I’m always trying to tell stories that are packed with my favorite elements from crime and horror fiction, but also try to use my work to talk about the things I care about. THE DEVIL TAKES YOU HOME was a mix of those things, just like my previous two novels. I wanted to explore different kinds of migrations, identities, and syncretism while also talking about our awful healthcare system, our relationship to violence, and racism. Lastly, crime and horror share a dark heart in which we see regular people thrown into awful situations, and then the story we read is about them trying to make their way out of it, trying to survive. This novel is about that, about what normal people are capable of when they’re desperate.

Can you recall a single moment when Mario really came into focus for you?

Definitely! The moment I woke up on June 1st, 2020. I wrote about 45,000 words of THE DEVIL TAKES YOU HOME with one hand while eating a sandwich with the other. I was a high school teacher for two years while also working on reviews for a plethora of venues and teaching at SNHU’s online MFA program. Lunch was thirty minutes, and I tried to use them as well as I could. Then I lost my high school teaching job, which was my main source of income and the gig that had health insurance. Suddenly lacking a full-time job and finding myself without insurance yet again as the pandemic was raging made me understand Mario much more than I already did.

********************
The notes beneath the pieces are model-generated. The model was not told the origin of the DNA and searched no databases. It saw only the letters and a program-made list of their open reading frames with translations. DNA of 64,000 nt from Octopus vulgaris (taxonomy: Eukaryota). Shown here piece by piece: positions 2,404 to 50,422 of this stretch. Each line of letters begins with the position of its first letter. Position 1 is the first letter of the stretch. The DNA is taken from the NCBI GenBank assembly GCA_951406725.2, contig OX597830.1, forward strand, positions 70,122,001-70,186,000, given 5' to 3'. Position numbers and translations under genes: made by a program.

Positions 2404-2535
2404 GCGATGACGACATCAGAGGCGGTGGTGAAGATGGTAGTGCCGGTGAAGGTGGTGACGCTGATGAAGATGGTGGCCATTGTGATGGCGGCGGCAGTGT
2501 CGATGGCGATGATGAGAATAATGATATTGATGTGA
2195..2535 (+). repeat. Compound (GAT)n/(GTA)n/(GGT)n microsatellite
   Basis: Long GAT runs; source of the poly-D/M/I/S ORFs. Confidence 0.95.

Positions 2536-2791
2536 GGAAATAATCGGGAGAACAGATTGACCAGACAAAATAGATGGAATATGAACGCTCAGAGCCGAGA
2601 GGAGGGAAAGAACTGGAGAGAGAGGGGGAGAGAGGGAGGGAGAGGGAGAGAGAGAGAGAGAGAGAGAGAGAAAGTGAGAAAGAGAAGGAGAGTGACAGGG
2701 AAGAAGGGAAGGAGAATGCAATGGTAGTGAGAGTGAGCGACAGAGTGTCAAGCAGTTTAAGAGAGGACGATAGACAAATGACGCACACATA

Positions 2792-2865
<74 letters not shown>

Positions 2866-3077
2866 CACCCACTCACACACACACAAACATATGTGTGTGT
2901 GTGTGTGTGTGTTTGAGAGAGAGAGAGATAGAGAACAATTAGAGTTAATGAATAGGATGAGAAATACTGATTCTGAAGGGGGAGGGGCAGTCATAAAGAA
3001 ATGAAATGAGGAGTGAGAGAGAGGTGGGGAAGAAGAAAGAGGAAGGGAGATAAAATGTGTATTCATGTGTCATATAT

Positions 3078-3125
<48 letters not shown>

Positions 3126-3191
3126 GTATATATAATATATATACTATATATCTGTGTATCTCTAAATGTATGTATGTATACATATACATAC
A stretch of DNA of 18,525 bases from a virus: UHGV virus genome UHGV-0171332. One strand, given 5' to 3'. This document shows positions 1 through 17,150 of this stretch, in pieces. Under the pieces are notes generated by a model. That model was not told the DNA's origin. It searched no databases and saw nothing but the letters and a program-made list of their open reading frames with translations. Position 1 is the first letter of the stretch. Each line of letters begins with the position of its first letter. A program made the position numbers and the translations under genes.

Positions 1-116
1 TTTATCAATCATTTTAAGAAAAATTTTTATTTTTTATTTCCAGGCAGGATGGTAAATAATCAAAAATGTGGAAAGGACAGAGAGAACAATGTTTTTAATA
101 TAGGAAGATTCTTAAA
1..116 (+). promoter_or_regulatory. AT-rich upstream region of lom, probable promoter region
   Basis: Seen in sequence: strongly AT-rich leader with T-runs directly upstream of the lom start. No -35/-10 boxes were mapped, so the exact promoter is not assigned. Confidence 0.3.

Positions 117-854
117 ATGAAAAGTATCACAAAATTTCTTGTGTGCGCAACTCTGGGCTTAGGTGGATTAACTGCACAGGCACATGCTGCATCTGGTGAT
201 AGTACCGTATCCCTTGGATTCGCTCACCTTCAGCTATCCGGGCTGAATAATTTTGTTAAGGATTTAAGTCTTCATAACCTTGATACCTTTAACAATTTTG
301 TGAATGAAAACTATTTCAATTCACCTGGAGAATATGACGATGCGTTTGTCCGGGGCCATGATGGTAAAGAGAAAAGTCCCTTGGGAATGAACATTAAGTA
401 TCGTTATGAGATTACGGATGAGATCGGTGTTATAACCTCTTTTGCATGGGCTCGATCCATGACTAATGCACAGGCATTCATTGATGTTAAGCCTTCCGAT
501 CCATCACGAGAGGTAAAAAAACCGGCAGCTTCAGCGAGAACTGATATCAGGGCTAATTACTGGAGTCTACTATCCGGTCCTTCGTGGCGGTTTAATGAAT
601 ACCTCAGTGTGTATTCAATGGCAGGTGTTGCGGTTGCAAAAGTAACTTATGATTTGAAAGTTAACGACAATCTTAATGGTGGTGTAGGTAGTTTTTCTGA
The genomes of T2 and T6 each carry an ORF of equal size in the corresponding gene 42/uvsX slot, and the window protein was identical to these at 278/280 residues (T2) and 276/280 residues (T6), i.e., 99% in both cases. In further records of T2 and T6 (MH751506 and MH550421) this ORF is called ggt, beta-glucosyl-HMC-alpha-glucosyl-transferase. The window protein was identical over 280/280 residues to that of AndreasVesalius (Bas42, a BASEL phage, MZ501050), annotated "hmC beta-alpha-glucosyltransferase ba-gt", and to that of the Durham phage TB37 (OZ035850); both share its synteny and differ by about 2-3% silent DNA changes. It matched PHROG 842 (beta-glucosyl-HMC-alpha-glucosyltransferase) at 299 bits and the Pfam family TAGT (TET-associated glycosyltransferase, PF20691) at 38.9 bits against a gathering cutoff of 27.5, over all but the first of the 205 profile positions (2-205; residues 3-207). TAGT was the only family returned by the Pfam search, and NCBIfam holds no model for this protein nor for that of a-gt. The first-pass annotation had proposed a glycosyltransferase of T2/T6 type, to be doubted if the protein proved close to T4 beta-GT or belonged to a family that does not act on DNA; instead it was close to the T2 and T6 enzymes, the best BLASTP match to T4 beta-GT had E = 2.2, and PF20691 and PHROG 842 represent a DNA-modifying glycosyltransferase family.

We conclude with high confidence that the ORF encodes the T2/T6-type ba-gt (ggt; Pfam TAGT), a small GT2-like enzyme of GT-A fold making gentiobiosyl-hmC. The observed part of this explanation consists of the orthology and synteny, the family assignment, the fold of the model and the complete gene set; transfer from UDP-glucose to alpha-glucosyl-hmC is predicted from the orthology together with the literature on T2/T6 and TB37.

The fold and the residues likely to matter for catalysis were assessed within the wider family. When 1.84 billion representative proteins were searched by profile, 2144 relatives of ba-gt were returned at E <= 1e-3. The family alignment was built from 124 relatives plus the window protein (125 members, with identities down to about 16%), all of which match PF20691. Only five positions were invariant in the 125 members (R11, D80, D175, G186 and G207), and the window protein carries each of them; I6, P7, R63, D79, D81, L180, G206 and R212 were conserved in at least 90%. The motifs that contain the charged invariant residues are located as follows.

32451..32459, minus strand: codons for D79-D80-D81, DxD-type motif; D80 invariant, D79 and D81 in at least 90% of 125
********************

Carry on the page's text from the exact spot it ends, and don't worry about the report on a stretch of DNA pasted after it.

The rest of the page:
THE DEVIL TAKES YOU HOME frequently includes passages of untranslated Spanish, which prompts two questions for me. The first is, did you get any pushback on that choice?

Gabino Iglesias